Only five states — Oklahoma, Idaho, Rhode Island, Indiana and Connecticut — have created laws governing digital asset management after death.
In 2005, Connecticut was the first to establish a digital assets law. The statute is a little dusty — it references an “electronic mail account” and makes no reference to blogs, online bank accounts, payment accounts, photo sharing accounts or Facebook and other social accounts.
“I’m not sure if the existing state laws governing digital assets have been comprehensive enough,” Hennig said. “But I do think existing legislation is a good starting point for a more thorough look into fiduciary access to digital assets after death.”
Other states are crafting legislation now, and don’t want to wait three years or more for a uniform law. Michael Walker, an estate planning attorney, is on the Oregon State Bar virtual assets committee looking into developing a state law on the issue. And just last week, Nebraska Sen. John Wightman announced his sponsorship of a digital assets bill.
Nebraska’s law scrapes the surface of Internet account management and is similar to Oklahoma and Idaho’s laws. The bill proposes a dead person’s personal representative — appointed by the court or the heir to the estate — be granted access and control of digital accounts belonging to the dead person.
Service Providers Cling to Terms of Service
Facebook’s terms of service say it will not issue login and password information to family members of a person who has died. A family member can contact Facebook and request the dead person’s profile be taken down or turned into a memorial page.
If the family chooses a memorial page, the account can never again be logged into. But new laws change the way sites like Facebook are addressing digital life after death.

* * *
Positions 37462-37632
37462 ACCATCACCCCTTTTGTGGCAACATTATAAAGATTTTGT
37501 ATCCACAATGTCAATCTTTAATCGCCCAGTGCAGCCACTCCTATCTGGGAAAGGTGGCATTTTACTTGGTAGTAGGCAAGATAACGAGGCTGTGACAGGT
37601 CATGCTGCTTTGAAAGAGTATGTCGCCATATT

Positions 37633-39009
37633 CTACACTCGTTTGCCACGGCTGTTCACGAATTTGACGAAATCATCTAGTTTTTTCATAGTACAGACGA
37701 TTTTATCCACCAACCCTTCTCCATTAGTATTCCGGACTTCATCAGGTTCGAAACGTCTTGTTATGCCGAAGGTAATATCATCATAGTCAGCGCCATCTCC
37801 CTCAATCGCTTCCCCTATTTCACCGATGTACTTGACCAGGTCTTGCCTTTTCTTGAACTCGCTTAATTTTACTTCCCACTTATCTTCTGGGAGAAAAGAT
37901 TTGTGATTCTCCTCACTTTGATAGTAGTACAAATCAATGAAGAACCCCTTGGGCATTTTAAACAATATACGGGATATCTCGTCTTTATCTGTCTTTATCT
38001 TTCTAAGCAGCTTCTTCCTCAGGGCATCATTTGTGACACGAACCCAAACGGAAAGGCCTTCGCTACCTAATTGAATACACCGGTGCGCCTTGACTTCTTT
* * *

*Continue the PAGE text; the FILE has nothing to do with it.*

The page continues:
“Our existing policy works to ensure that privacy settings are preserved and respected. These policies extend to memorialized accounts,” said Tucker Bounds, a spokesman for Facebook. “We will provide the estate of the deceased with a download of the account’s data if prior consent is obtained from or decreed by the deceased, or mandated by law.”
Yahoo’s terms of service have been more strict than others. In 2005, a family asked Yahoo for login and password information for their son, Justin Ellsworth, a Marine who died in Iraq.
Yahoo refused to give login and password information, citing the company’s privacy standards. In the end, the court ordered Yahoo to release the email account login and password.
Gmail and Hotmail will mail the estate holder a CD with the decedent’s account information, after the beneficiary of the estate sends the required information.
The Future of Digital Dead
It’s hard to tell the impact of the five state laws on online property post-death since the laws have hardly been utilized. Kiesel said Oklahoma lawyers now ask a person desiring a will to include how he or she wants digital accounts to be taken care of after death.
The law has created a lot of chatter, but Kiesel hasn’t heard of anyone using the law to gain access to dead loved one’s digital accounts.
Walker said he and other estate planners in Oregon prepare a virtual asset instruction letter (VAIL) for a person to leave in his or her safety deposit box. The letter lists a person’s online account information to make the account more accessible after death. A person can also instruct the executor to delete all accounts without reading emails or other communication, Walker said.
Online services like Entrustet, Legacy Locker and My Webwill offer other options for passing on online account access after death.
But some lawmakers advise against using these services. Kiesel points out that a will including digital accounts is more secure than these sites, which may not exist when a person dies.
Check out the gallery for more services that provide tools for managing your digital life after death. And tell us in the comments: Do you have a plan? Do you think lawmakers should establish uniform methods for dealing with social accounts? If so, how?